I've probably been a skier and snowboarder longer than you have (started boarding at 50...just applied for Medicare and went boarding the next day). I've boarded off piste only once or twice because of the high risks. I also caused an avalanche once while hiking the Arapaho Glacier area in Colorado (I stopped at the sign that said "Don't hike beyond this point, and the noise and vibration from my boots set off a small one), and witnessed a truly gigantic avalanche coming down off the Jungfrau in Switzerland.

      So it's not as if I'm some couch potato commenting on a subject I don't know.

      The area they went into was posted as extremely dangerous. And if you had ever seen any of the research videos about how slab avalanches occur, you would know that their behavior, ESPECIALLY in a large group, was extremely stupid and risky. They went onto a new snowfall atop an old snowfall that had been crusted because of warming. That is classic slab avalanche conditions. The more people who go down the hill, the more the cracks and loosening occur.

      If you really think you're the heroic sort who wants to do something dangerous, enlist. Defend your country. Or if your politics are more to the left, volunteer abroad for Medecins Sans Frontieres.

      In other words, do something useful with your desire for risk. Right now, your rampant attacks on the comments of people with more sense make you out to be not even a cheap thrill-seeker, but a cheap anonymous disparager on a message board. Make yourself useful, child. The world needs useful people.

      February 20, 2012 at 7:48 pm | Report abuse |
    • miss tang

      You won't be reading the replies because you run away like a scared little baby after a tantrum! BAHahahahahaha!

      February 20, 2012 at 8:04 pm | Report abuse |
  3. sue

    Skiing out of bounds in avalance territory?

    Not smart.

    February 20, 2012 at 6:59 pm | Report abuse |
    • Lee

      Every mountain range is avalanche territory....... You weigh the risk and do they best you can for the sport. Accidents still happen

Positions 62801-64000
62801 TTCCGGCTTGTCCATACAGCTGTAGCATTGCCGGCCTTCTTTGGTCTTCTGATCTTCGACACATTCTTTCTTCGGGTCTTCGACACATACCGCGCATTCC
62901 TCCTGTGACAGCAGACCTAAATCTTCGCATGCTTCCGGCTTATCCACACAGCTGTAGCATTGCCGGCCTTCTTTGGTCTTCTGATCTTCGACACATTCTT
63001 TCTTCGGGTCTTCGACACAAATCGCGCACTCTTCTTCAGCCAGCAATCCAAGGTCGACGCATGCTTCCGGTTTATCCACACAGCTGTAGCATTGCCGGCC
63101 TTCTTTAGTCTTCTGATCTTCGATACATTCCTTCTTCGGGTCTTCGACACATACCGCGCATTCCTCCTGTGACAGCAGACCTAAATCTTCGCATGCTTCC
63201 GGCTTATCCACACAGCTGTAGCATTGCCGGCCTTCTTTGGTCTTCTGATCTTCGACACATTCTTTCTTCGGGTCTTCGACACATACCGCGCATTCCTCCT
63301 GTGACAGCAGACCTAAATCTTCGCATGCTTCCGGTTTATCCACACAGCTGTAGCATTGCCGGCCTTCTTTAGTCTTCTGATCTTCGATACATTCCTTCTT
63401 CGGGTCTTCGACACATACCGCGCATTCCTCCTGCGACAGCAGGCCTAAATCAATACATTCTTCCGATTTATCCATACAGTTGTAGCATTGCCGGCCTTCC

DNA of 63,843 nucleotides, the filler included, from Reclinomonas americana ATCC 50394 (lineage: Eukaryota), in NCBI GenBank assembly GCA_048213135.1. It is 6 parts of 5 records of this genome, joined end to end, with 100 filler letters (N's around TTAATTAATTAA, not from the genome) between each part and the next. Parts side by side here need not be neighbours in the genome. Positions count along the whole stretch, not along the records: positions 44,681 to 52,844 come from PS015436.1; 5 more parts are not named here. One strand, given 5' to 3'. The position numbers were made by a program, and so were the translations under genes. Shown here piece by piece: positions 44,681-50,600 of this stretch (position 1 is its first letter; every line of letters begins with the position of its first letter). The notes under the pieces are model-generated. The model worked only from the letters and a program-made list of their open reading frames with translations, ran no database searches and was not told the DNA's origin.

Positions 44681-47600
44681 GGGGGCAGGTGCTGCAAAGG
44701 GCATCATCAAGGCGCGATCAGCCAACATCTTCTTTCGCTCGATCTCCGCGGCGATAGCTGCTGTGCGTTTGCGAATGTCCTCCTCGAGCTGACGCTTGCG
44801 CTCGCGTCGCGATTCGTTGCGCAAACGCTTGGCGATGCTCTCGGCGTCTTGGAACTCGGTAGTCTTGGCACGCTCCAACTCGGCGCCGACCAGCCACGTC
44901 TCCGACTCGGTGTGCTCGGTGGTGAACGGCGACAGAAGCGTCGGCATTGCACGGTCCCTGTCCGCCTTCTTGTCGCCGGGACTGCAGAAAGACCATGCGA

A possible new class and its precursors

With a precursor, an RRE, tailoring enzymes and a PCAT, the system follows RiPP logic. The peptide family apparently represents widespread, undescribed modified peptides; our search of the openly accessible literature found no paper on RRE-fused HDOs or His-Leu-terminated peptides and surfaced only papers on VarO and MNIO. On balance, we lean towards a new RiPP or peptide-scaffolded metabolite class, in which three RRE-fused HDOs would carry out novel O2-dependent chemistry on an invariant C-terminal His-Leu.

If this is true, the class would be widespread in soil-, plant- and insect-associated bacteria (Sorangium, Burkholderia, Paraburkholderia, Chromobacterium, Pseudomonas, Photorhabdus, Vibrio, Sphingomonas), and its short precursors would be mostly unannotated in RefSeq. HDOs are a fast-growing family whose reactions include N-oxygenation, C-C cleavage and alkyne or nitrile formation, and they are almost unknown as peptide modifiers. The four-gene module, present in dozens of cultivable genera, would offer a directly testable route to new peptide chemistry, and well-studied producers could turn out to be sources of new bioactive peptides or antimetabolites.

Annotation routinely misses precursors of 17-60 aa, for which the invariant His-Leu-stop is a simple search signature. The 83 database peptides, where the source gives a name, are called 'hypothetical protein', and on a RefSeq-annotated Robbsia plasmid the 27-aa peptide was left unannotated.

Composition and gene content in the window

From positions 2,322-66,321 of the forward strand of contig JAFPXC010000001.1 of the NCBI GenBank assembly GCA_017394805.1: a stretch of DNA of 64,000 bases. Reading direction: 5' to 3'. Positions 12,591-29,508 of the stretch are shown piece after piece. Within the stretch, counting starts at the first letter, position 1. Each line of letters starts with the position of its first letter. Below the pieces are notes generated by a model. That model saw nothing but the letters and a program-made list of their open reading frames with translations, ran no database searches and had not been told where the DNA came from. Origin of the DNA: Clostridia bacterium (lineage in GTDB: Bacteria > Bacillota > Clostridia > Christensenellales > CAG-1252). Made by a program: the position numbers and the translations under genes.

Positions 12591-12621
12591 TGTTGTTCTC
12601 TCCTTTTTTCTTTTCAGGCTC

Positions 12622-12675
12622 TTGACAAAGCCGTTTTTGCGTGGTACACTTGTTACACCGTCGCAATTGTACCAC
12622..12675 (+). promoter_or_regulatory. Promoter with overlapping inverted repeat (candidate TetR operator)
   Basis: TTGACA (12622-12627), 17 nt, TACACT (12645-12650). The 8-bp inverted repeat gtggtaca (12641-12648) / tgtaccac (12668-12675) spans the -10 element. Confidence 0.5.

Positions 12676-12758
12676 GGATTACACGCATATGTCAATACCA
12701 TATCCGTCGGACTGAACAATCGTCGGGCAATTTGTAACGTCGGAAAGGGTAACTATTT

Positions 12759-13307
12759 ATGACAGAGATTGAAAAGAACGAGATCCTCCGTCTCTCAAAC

February 20, 2012 at 7:25 pm | Report abuse |
    • Joe

      You realize that the entire back country is avalanche terrain right?

      February 20, 2012 at 7:28 pm | Report abuse |
  4. Coflyboy

    Contestants for Darwin awards.

    February 20, 2012 at 6:59 pm | Report abuse |
    • Guest

      Yeah they are all on these boards most days.

      February 20, 2012 at 7:02 pm | Report abuse |
  5. Guest

    I feel sorry for the people who are too scared to life their lives.

    Too busy sitting at home terrified of the world and criticizing those who chase real experiences in their short time on Earth.

    ..... The ones who will ultimately end up sad and full of bitterness towards those that aren't so pathetic

    February 20, 2012 at 7:01 pm | Report abuse |
    • PoBoy2

      How is skiing an off-limits slope "chasing real problems?" They weren't chasing real problems, they were stupid!

      February 20, 2012 at 7:21 pm | Report abuse |
    • Lee

      They werent off limits either.... they were off the ski boundary of the stevens resort. The entire cascades is off the stevens resort boundary. You still get to ski there idiot. I cannot believe the amount of people posting that clearly has never been skiing

      February 20, 2012 at 7:27 pm | Report abuse |
  6. kevin conway

    Idiots. They were out of bounds not brave. They didn't die "doing what they loved to do" They wanted to suffogate upside down? Just plain stupid. Extreme is stupid.

    February 20, 2012 at 7:06 pm | Report abuse |
    • Guest

      and mediocrity is the worst anyone can aspire to.

      You aren't even at that point yet.

      February 20, 2012 at 7:10 pm | Report abuse |